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How To Clean And Disinfect Working Surfaces Properly To Help Prevent Flu!

Woman cleaning a table surface with cleaning supplies

Influenza viruses are stubborn microorganisms, capable of surviving on plastic desks and chairs, and steel handrails and door handles for up to 48 hours, and as many as 12 hours on carpets, exercise books, and toilet rolls. This means that, in some extremely unlucky cases, a child could pick up flu on Monday morning from touching a surface that another child had sneezed on on Friday afternoon!

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This persistence on surfaces makes controlling flu outbreaks challenging for most schools over the winter. 

However, flu isn’t a superbug, and the virus can be killed effectively with the right approach to cleaning and disinfecting. In this article, we look at how to clean and disinfect classroom and communal surfaces properly to kill the virus and help minimise the spread of flu.

1. Use The Right Mix Of Cleaning Products

When it comes to combating flu, it is important to use the right commercial cleaning products for the job, including both surface cleaning agents and disinfectants. Look at the characteristics and applications for each product. For example, bleach is a powerful disinfectant that can help stop influenza in its tracks. However, it is also corrosive and can damage plastic desk surfaces if used improperly, and can also cause skin irritation if not thoroughly rinsed off. As such, it is important to read the labels or online product descriptions of all cleaning products carefully and follow the instructions for use.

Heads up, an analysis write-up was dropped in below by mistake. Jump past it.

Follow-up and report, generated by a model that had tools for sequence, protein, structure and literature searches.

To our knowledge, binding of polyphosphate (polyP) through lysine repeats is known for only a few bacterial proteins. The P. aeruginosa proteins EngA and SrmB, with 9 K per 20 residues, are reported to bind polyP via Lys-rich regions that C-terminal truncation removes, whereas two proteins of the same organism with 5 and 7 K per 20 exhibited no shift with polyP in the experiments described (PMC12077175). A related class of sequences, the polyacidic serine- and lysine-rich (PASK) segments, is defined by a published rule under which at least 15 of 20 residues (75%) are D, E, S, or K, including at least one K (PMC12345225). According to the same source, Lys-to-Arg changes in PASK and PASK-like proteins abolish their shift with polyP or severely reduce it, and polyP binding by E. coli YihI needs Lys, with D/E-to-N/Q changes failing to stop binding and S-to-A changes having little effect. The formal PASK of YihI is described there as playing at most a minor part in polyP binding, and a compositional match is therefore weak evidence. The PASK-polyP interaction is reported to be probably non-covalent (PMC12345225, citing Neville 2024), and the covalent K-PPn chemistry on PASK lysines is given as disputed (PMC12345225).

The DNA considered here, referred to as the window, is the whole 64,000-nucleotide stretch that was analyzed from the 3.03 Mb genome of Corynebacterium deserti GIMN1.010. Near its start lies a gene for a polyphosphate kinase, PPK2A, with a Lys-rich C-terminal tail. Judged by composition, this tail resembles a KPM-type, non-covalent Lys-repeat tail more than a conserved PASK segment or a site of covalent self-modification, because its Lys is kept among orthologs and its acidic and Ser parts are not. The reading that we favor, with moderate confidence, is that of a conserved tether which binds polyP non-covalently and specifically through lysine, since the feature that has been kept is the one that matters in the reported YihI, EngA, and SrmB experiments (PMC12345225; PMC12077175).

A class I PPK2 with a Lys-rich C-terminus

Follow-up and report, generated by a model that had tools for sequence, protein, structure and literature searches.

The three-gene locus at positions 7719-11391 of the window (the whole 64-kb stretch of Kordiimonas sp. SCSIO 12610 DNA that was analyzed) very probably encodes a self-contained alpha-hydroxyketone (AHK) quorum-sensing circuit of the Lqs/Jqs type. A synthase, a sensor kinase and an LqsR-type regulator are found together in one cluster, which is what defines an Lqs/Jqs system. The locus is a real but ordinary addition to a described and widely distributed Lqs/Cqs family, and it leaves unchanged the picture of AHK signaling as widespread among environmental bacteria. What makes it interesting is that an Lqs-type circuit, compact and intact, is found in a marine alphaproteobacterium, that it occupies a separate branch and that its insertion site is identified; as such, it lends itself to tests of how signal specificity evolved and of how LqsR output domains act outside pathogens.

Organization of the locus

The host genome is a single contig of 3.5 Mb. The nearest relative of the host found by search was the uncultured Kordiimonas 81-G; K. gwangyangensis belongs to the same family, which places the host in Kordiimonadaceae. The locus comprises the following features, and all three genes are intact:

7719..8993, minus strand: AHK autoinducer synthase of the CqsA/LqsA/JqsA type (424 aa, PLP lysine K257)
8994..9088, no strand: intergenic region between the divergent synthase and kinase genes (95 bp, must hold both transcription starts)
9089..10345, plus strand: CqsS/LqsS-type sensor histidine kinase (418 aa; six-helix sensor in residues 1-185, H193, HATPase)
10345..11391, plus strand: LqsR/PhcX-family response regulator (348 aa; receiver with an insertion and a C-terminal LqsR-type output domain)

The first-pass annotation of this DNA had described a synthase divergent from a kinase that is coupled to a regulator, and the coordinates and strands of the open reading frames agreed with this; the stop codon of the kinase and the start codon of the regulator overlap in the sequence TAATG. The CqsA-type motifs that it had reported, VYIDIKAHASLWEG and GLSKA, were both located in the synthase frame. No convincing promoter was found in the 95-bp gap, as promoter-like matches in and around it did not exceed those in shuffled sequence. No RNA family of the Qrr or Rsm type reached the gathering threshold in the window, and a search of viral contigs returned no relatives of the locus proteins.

2. Clean Surfaces Regularly

Regular spot cleaning of all classrooms and communal spaces throughout the flu season is preferable to a single deep clean each term for controlling influenza. Surface cleaning should cover all door handles, light switches, desks, countertops, and other surfaces that are frequently touched. These surfaces should be cleaned with a disinfectant on at least a daily basis – and preferably twice daily, before and after the school day.

3. Disinfect Equipment And High-Touch Items

In addition to regular cleaning, it is also beneficial to thoroughly disinfect high-touch items, play equipment, and books at least once a week. High-touch items are those that are used by multiple pupils or staff throughout the day, and include tablets and touch screens, sign-in books, pens, keyboards, exercise books, coat pegs, and PE equipment. 

4. Encourage Good Hygiene

Basic hygiene practices and education go a long way in reducing flu transmission in schools. Encourage pupils to wash their hands regularly with soap and water for at least 20 seconds between lessons, avoid touching their faces, and cover their mouths whenever they sneeze or cough. At peak flu season, your school may even benefit from a face mask policy in large communal areas, or during school assemblies.

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